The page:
Thank you. An honest answer.

The interaction on the rig between the company man (from BP and his onshore BP bosses) and the OIM from TransOcean during the critical time will be crucial evidence.

To me the case for BP does not look good considering past safety problems and a corporate culture known for giving bonuses to reward cost cutting and coming in under projected budgets. This well was already over budget and past projected time for completion. Several cost cutting measures took place that could have contributed to this disaster in the 24 - 36 hour period before the blowout. The crews on the rig were almost ready to move on and this well was very close to being done. In a stroke of irony there was a party on board the night before the blowout to celebrate TransOcean's safety record. Somebody monitoring the well on the rig or onshore should have noticed one or more of the warning signs that caught in time could have saved the lives of the eleven men and prevented the disaster that we have now. Experienced industry experts who have seen what limited evidence that is available now cannot believe that these warning signs were missed.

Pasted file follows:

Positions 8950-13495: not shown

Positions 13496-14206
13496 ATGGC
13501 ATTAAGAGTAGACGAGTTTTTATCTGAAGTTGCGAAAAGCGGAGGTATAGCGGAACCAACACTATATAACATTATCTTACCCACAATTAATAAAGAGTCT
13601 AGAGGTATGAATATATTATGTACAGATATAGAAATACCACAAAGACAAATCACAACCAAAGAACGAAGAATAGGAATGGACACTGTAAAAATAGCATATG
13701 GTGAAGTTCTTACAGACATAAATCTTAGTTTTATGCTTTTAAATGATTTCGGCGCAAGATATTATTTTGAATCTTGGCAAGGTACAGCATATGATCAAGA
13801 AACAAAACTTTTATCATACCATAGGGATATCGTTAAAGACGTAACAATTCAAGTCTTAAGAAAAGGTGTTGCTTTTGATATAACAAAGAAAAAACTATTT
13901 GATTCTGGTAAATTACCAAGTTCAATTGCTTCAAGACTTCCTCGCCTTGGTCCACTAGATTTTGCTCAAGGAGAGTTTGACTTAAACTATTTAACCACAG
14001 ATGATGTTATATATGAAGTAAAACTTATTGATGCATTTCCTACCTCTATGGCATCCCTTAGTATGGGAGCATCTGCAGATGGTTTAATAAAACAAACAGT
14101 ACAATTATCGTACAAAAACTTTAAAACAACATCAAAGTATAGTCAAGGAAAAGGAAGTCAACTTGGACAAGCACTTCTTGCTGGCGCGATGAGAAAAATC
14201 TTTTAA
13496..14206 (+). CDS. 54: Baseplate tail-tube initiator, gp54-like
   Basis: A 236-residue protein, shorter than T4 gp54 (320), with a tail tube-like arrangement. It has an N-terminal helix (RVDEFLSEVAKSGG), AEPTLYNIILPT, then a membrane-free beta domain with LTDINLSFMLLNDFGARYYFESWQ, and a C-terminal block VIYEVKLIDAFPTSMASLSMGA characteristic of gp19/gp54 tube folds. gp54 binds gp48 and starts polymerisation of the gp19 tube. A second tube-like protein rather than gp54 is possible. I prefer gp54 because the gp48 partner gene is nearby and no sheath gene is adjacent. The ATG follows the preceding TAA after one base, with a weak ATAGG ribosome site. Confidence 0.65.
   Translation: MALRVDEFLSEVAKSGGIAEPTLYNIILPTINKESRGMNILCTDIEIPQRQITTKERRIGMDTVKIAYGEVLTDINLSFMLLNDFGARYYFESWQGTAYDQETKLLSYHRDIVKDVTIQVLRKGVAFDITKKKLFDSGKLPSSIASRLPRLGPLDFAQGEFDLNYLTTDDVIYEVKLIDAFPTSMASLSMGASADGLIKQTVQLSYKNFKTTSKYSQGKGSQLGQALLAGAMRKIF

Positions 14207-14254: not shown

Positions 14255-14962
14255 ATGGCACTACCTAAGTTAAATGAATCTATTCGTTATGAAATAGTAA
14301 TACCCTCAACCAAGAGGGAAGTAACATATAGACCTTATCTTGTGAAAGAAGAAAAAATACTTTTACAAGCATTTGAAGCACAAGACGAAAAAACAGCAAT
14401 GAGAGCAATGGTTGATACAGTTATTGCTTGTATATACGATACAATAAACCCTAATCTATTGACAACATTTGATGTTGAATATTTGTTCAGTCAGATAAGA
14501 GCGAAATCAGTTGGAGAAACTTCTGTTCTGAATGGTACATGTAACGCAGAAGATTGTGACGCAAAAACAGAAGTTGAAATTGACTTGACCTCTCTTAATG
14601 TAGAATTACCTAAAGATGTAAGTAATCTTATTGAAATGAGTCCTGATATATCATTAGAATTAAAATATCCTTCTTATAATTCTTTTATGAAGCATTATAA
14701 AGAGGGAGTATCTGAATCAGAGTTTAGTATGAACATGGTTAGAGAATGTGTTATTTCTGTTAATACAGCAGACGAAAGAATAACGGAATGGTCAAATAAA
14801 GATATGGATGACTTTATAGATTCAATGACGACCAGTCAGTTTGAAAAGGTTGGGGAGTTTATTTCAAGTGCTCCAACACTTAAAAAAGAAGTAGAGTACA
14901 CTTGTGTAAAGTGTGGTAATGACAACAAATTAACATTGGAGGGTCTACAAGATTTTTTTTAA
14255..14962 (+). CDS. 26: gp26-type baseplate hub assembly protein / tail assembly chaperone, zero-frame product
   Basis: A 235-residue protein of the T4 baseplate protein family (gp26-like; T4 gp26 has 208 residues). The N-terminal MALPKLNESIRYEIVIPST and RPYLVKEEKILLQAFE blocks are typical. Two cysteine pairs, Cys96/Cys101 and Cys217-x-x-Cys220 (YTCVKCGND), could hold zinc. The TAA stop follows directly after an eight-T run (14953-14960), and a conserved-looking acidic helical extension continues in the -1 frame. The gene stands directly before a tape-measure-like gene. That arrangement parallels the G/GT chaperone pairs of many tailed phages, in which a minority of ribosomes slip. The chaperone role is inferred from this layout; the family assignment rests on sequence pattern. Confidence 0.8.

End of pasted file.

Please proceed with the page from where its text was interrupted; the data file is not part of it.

I contrast the corporate culture at BP which has been described as unsafe and scary by many long time oil people who I know, to that of Getty Oil, for example. In my previous career I was associated with Getty Oil for over ten years as a supplier of safety equipment and they valued safety over everything from the top to the bottom of the company. They spent so much money that the other oil companies at the time thought they were crazy. If you were unsafe, you did not work with them. Nowadays, believe it or not one of the known to be safest in the industry oil companies is Exxon/Mobil. Probably a positive result of one the worst oil disasters, they got safety now. Too bad they did not get it sooner.

You mentioned Halliburton. Cement jobs can fail and that is not an infrequent occurrence. That is why you test and test until you are sure. Surely as you say, Halliburton will be sued, but ultimately the responsibility to test and to know when to proceed is up to the operators.

If there was negligence, will it be shared? If BP wanted TransOcean to do something potentially unsafe and TO went along with it, who is to blame? If BP wanted TO to proceed and TO did not have all the information to know that proceeding was unsafe, then who is to blame? This is a complex case, my opinions are only my opinions and don't mean squat. My opinions, such as they are, are based on the experience of industry people whose judgement I trust, but I will keep an open mind as more details and evidence comes out. Nobody knows how the legal wrangling will turn out for sure and it is likely to be going on for many years.